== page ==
The programmes in terms of s 11(2) are carefully constructed and aimed at the economic empowerment of the elderly, information, education and counselling services, provision of nutritionally balanced meals, and so on. Those in s 11(3) refer to ‘home-based care programmes directed at frail older persons within the community.’ It seems as if the aims of the programmes created in terms of s 11(2) and (3) are at loggerheads with one another, while the older person in need of care is neatly excised from these programmes. It is my contention that a frail older person and an older person in need of care and protection in terms of the statute’s definition are, essentially, exactly the same.

Health-care provider: The Act’s definition makes s 1 of the National Health Act 61 of 2003 (the NHA) applicable. The NHA defines a ‘health-care provider’ as ‘a person providing health services in terms of any law, including in terms of the –

(a)     Allied Health Professions Act, 1982 (Act 63 of 1982); [an ayurveda practitioner, therapeutic massage therapist or a phytotherapist are just some of the allied health practitioners].

(b)     Health Professions Act, 1974 (Act 56 of 1974);

(c)     Nursing Act, 1978 (Act 50 of 1978) [this Act has been repealed in its entirety by the Nursing Act 33 of 2005];

(d)     Pharmacy Act, 1974 (Act 53 of 1974); and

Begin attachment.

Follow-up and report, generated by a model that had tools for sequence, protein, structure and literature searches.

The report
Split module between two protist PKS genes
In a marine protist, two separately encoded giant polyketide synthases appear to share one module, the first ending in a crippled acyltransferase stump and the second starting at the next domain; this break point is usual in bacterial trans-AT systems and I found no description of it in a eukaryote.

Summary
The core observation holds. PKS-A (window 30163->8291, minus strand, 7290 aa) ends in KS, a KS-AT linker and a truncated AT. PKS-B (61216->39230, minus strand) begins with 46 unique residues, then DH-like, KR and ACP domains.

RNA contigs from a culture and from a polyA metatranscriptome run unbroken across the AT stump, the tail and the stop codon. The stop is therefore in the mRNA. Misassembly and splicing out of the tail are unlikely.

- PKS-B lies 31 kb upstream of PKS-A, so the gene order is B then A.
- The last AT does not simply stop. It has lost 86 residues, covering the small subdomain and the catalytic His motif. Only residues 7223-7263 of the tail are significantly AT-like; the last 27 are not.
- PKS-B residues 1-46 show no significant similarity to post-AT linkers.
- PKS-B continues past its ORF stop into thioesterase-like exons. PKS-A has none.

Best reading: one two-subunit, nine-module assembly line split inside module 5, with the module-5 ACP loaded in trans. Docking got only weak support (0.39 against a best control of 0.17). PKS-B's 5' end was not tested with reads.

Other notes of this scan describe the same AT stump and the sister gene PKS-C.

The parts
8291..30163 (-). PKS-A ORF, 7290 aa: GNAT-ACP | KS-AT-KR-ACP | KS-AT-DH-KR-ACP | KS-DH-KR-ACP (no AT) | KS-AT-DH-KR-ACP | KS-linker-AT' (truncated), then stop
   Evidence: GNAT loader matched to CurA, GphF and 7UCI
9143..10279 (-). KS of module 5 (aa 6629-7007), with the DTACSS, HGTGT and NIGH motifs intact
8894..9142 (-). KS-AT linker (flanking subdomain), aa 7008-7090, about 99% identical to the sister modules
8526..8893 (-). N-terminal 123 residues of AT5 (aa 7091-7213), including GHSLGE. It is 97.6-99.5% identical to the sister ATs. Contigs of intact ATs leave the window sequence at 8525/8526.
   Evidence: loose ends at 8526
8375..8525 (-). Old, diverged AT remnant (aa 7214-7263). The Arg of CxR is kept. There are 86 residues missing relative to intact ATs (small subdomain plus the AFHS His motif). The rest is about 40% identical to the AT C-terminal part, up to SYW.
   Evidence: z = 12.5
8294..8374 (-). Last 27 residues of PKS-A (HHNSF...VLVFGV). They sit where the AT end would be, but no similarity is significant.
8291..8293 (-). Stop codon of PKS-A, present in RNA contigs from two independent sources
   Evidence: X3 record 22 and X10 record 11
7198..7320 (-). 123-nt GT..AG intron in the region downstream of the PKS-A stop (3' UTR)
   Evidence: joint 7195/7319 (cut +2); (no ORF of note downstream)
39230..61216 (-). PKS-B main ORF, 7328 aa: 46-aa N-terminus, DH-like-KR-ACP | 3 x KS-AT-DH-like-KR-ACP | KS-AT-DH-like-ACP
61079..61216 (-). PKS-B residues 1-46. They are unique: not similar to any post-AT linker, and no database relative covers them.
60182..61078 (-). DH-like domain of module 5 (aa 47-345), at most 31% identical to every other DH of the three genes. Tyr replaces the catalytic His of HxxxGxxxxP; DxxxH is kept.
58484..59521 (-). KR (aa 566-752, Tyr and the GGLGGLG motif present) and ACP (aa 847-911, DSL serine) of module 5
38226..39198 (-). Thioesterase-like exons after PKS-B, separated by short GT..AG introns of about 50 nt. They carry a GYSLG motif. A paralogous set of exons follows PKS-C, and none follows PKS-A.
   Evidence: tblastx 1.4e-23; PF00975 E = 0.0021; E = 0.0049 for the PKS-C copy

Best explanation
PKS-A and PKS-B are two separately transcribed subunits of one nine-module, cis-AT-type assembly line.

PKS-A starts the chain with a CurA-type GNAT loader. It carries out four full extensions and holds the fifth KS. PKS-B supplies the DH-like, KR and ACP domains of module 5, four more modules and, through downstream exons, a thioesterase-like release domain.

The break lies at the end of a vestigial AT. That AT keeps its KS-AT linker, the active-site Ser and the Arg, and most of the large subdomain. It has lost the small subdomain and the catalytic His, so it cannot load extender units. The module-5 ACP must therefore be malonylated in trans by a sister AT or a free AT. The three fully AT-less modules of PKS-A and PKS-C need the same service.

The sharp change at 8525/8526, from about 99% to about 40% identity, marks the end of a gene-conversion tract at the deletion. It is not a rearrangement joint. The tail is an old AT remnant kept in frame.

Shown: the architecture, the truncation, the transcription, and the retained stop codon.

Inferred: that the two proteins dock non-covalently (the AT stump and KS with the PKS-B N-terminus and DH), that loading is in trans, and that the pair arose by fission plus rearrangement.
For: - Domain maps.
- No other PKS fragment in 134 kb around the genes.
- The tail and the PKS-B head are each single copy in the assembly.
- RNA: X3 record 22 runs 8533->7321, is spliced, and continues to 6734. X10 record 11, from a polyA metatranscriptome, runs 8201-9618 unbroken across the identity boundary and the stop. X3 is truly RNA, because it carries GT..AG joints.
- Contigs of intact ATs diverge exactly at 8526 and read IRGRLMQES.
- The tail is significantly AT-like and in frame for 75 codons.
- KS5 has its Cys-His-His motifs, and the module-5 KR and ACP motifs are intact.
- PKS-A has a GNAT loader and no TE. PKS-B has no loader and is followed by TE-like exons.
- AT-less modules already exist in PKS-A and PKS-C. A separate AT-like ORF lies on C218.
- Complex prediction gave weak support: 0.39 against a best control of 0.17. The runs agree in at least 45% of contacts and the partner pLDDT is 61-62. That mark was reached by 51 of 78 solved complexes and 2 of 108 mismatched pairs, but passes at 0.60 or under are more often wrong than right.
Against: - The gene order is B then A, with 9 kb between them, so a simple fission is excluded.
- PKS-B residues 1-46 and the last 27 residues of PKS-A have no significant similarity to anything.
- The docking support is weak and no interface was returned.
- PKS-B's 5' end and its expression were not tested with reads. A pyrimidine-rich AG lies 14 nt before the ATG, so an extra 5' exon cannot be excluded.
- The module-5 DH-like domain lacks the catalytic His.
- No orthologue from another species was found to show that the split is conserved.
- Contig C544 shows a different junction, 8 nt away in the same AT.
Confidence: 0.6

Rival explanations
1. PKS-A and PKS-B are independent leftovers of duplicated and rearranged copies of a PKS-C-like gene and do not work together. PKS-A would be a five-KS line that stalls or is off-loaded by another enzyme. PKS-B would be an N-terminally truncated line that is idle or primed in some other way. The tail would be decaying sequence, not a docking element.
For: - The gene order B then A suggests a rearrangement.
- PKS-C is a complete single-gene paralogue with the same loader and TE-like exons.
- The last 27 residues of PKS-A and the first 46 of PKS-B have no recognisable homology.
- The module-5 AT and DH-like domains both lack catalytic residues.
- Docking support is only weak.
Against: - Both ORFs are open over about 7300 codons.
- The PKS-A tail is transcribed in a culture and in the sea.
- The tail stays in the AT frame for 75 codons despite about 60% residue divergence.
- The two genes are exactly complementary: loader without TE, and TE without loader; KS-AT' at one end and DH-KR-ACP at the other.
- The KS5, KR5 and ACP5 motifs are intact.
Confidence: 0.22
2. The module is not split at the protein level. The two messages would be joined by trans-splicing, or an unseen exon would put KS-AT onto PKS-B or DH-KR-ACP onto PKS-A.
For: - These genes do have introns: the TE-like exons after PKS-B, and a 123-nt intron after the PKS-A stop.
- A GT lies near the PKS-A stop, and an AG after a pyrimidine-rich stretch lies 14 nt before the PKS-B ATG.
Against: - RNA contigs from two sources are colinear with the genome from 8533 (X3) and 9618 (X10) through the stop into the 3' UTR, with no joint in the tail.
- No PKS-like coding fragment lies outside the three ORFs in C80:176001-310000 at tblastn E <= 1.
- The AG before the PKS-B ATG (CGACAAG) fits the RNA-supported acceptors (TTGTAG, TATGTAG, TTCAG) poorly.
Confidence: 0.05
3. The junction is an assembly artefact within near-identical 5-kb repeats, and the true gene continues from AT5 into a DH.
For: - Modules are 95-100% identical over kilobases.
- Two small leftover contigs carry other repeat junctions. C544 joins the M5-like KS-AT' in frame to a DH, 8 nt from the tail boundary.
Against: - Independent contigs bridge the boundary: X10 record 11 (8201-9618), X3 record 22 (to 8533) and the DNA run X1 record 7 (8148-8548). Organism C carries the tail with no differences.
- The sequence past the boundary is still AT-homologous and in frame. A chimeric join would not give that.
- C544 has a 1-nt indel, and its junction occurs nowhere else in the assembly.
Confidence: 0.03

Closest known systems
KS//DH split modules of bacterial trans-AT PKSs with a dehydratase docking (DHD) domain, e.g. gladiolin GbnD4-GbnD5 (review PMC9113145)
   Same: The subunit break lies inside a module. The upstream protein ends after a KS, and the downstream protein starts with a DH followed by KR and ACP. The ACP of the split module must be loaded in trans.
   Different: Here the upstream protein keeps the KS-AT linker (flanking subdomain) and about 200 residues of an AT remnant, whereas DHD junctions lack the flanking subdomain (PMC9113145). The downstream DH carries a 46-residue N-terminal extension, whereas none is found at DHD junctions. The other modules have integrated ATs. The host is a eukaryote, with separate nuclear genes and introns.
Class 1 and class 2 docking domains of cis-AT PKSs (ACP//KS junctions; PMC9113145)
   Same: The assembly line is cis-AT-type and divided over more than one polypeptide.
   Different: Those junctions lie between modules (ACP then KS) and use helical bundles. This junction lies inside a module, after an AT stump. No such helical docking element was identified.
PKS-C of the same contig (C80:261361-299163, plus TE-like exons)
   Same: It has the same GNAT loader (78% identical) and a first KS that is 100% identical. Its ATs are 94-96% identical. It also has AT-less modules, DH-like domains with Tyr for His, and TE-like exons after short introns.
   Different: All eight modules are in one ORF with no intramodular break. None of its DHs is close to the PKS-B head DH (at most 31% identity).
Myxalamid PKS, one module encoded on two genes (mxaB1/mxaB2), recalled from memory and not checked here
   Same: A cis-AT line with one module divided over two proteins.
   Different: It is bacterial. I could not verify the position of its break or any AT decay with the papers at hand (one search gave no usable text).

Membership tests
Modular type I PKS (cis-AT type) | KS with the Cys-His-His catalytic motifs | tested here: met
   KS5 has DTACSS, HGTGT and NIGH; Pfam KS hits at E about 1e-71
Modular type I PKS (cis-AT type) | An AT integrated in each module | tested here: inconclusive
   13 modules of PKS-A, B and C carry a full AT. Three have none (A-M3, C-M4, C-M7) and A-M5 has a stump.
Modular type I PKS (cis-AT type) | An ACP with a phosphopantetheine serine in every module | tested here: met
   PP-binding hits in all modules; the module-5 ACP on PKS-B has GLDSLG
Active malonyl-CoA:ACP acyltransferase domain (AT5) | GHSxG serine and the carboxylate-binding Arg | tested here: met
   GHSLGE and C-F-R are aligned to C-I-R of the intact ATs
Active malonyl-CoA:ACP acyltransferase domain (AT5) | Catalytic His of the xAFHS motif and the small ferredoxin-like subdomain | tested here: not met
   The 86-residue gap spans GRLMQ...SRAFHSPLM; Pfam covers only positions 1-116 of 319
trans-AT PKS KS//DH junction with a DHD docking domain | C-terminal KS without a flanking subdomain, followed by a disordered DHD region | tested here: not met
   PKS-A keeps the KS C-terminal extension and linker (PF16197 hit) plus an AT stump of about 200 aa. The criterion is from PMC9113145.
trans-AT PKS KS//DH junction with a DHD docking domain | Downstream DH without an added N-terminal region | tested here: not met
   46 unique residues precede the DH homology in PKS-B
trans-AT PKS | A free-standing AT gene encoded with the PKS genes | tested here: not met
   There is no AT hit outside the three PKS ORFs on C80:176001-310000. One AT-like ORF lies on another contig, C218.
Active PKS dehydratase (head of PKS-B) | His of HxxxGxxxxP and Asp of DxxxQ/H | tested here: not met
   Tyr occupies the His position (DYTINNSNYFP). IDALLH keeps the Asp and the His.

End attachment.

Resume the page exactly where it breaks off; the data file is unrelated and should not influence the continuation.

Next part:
(e)     Dental Technicians Act, 1979 (Act 19 of 1979)’.

Home-based care, community-based care and residential facility: When one compares the definitions for ‘home-based care’, ‘community-based care’ and ‘residential facility’ one is left with a sense of bewilderment. They are not clearly distinguished.

These aspects are, I submit, essentially and materially the same – I further submit that these definitions should be re-visited and re-drafted to make it very clear what the differences are, if any. These definitions create insurmountable problems to understand and to apply chs 3 and 4 of Act and the relevant chapters of the regulations.

Chapter 3 creates community-based care and support services, while ch 4 creates residential facilities. It seems as if two separate types of facilities are created, but it is mixed in the Act.

Community-based care and support services as well as residential facilities should apply to be registered (ss 13 and 18 respectively). A person who provides home-based care does not have to register; such a person should ensure that caregivers receive prescribed training (s 14).